Hyperguarding your Web Applications

Archive for June, 2010

Free dWAF Evaluation for Breach Security Customers and Partners

Posted by hyperguard on June 25, 2010

Following the recent Trustwave and Breach Security acquisition, we will be providing Breach customers with a free evaluation of our distributed Web application firewall (dWAF) solution, hyperguard.   Interested parties can trial the dWAF as a SaaS through Amazon Web Services (AWS) or download a software plug-in directly from our website.  We are offering this for those who seek a future-proof solution to satisfy their immediate WAF needs.  The solution is capable of supporting all future virtualization or cloud-based plans.  hyperguard provides:

  • Application security monitoring for customers to understand the risk and exposure of their web and cloud applications to known attacks at the application layer without hyperguard interfering with web traffic.
  • ‘Detection only mode’ allows rule-sets to be tested but not enforced, alongside with rule-sets in ‘protection mode’ that enforce already proven security policies without ever relaxing the established defenses or risking false positives.
  • hyperguard SaaS is also ideal for companies relying, or thinking about using, cloud services e.g. for application overflow resources.

AWS customers can access hyperguard SaaS by simply adding a small software plug-in to an existing web server Amazon Machine Image (AMI), or by using art of defence’s custom AMI.


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Weekly Industry Round-up, Week of 6/21

Posted by hyperguard on June 25, 2010

CTO Edge…
Security and Compliance in the Cloud Age
This article by Alert Logic’s Misha Govshteyn says that while the debate over private vs. public clouds carries on, there is very little attention paid to the fact that the accepted broader definition of the cloud—IT services delivered under the IaaS/PaaS/SaaS models—in effect brings about a gradual shift of the control over security from the enterprise to the service provider. He says this shift in responsibility and control will fundamentally change the way we secure our data. Enterprises and security professionals need to prepare themselves for the future demands of cloud computing by making the right decisions and deploying cloud-ready technologies today.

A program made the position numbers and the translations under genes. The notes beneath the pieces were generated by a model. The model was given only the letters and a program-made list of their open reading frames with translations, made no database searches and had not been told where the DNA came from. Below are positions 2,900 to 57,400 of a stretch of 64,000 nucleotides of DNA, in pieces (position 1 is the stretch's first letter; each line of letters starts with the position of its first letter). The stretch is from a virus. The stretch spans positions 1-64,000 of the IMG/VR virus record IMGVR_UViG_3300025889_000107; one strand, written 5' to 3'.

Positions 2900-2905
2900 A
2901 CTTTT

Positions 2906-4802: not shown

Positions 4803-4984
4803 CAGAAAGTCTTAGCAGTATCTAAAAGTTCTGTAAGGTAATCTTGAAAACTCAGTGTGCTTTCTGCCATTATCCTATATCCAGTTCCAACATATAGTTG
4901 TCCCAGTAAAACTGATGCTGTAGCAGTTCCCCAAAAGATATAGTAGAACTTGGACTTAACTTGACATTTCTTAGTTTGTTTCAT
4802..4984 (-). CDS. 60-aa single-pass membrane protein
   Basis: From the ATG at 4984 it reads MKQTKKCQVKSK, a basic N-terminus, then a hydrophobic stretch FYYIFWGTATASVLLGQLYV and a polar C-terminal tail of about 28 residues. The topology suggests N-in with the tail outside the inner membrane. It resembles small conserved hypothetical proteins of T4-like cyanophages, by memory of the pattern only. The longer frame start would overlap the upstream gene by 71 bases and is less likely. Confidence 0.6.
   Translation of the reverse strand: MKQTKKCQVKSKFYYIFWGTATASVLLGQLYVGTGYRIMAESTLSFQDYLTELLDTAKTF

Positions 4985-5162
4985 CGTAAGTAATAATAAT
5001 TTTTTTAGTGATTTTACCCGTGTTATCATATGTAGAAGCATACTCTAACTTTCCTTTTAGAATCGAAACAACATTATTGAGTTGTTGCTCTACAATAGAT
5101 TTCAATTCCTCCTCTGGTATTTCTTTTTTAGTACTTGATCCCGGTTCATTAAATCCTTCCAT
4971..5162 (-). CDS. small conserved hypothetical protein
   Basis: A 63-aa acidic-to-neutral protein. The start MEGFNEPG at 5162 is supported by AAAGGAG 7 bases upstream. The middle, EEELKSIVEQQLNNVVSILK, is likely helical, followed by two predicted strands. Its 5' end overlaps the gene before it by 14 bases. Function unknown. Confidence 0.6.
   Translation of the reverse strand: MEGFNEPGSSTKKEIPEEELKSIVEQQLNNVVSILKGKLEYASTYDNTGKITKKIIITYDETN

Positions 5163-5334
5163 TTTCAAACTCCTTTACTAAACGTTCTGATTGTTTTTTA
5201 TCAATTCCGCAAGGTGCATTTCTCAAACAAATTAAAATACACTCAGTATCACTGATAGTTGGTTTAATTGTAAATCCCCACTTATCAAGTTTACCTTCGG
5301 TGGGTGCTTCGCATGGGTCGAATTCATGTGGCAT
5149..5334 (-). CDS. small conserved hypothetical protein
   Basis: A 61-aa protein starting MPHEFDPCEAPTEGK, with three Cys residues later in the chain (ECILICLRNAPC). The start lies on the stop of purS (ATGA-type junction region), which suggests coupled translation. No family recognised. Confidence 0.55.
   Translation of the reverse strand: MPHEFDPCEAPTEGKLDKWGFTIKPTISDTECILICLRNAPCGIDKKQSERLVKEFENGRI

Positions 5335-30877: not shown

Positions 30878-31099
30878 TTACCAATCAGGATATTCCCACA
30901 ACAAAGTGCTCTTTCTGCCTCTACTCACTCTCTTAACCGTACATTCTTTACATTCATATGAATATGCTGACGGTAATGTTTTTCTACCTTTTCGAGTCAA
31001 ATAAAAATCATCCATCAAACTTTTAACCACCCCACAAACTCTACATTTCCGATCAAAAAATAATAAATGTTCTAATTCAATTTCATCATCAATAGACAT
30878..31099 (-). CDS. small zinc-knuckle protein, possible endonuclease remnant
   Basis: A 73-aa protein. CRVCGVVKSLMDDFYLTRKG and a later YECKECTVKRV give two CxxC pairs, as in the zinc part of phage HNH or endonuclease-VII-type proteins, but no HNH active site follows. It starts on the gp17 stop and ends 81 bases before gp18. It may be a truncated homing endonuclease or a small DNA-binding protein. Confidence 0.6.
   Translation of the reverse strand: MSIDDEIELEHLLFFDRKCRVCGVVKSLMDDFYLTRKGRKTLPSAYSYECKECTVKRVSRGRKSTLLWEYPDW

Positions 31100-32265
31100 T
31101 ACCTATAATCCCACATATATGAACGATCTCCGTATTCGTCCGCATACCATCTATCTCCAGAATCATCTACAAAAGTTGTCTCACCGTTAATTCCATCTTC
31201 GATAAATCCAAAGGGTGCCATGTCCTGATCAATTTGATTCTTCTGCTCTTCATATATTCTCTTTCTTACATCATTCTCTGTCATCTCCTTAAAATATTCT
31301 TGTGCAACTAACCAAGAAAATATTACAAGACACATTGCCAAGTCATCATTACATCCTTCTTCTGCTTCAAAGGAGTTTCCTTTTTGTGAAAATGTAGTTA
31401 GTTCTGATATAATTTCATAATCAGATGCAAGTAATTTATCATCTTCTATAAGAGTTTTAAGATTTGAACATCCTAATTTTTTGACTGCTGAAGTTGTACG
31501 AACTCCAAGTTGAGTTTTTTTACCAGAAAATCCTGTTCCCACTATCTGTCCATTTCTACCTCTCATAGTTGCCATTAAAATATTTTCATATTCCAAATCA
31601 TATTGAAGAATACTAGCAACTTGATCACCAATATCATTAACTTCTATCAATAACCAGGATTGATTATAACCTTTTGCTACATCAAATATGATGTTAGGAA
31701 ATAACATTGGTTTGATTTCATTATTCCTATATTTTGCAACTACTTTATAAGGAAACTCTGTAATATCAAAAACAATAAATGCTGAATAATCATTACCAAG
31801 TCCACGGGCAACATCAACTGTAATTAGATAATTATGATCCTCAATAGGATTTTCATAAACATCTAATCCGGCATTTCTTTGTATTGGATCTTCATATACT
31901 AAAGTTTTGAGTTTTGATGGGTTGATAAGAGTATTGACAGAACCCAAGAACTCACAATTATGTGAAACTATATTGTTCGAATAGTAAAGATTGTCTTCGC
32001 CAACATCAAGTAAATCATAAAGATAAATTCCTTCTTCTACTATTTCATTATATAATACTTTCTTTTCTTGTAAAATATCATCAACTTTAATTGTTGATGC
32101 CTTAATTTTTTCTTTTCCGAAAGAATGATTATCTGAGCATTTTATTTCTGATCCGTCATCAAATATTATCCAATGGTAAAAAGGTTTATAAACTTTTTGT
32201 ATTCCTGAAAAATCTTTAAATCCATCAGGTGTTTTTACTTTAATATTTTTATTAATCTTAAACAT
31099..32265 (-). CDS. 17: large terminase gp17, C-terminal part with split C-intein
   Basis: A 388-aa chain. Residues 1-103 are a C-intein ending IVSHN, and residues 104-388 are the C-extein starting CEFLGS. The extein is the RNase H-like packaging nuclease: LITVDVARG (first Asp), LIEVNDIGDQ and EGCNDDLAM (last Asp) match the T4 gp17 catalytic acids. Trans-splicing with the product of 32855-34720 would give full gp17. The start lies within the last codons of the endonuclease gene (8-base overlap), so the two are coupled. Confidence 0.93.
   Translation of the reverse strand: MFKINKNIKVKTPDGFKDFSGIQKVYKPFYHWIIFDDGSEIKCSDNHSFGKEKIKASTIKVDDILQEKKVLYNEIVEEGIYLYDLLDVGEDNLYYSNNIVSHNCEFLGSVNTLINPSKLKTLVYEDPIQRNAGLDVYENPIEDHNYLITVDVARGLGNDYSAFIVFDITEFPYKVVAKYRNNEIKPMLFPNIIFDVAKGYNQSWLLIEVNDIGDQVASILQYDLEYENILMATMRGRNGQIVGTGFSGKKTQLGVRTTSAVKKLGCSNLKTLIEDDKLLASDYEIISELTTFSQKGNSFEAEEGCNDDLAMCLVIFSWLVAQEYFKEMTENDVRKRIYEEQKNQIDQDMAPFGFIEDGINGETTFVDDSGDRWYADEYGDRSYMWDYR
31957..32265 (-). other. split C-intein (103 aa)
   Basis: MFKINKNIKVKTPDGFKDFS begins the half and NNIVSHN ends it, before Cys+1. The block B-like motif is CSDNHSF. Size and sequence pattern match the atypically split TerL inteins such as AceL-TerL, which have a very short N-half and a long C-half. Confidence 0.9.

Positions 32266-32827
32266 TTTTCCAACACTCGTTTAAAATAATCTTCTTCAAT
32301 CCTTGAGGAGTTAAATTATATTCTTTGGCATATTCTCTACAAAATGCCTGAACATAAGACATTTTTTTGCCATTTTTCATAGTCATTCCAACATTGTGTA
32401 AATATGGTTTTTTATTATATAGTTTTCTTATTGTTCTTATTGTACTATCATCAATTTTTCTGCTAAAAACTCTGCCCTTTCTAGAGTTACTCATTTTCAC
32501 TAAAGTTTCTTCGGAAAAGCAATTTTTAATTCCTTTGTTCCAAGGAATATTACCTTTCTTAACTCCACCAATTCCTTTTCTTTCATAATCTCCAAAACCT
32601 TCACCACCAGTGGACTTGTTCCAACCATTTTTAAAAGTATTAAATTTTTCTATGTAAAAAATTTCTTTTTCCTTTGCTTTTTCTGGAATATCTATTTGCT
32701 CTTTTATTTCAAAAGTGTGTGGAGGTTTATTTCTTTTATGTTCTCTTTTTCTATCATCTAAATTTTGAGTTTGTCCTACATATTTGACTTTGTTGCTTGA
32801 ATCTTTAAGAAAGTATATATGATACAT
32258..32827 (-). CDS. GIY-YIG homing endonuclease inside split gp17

Cloud Computing With Less Security Risk
Paul Rubens says companies often feel their data is too sensitive to move to the cloud and that they will lose control over it and it will therefore be less secure. He offers some benefits to cloud computing, such as lower capital outlays, fixed, known monthly costs, scalability, low management overhead and immediate access to technology. Paul isn’t saying that all organizations should move all their computing tasks to the cloud, but many organizations could profit from the benefits described above if the security risk, real or perceived, could be reduced. Paul lists a number of questions to ask providers regarding security and compliance before deciding to move any applications to the cloud.

SC Magazine…
Researcher Demonstrates Twitter XSS vulnerability
This week a Twitter user demonstrated a cross-site scripting (XSS) that could allow an attacker to take over users’ accounts or spread malware. A researcher found that the vulnerability affects the “application name” field on Twitter’s application registration page, used by developers when setting up a new Twitter application. The flaw appears to be the result of a lack of input validation of the “application name field” when accepting new requests for Twitter applications. The company is aware of the issue and has fixed it for new applications, but is still working to patch it in all programs.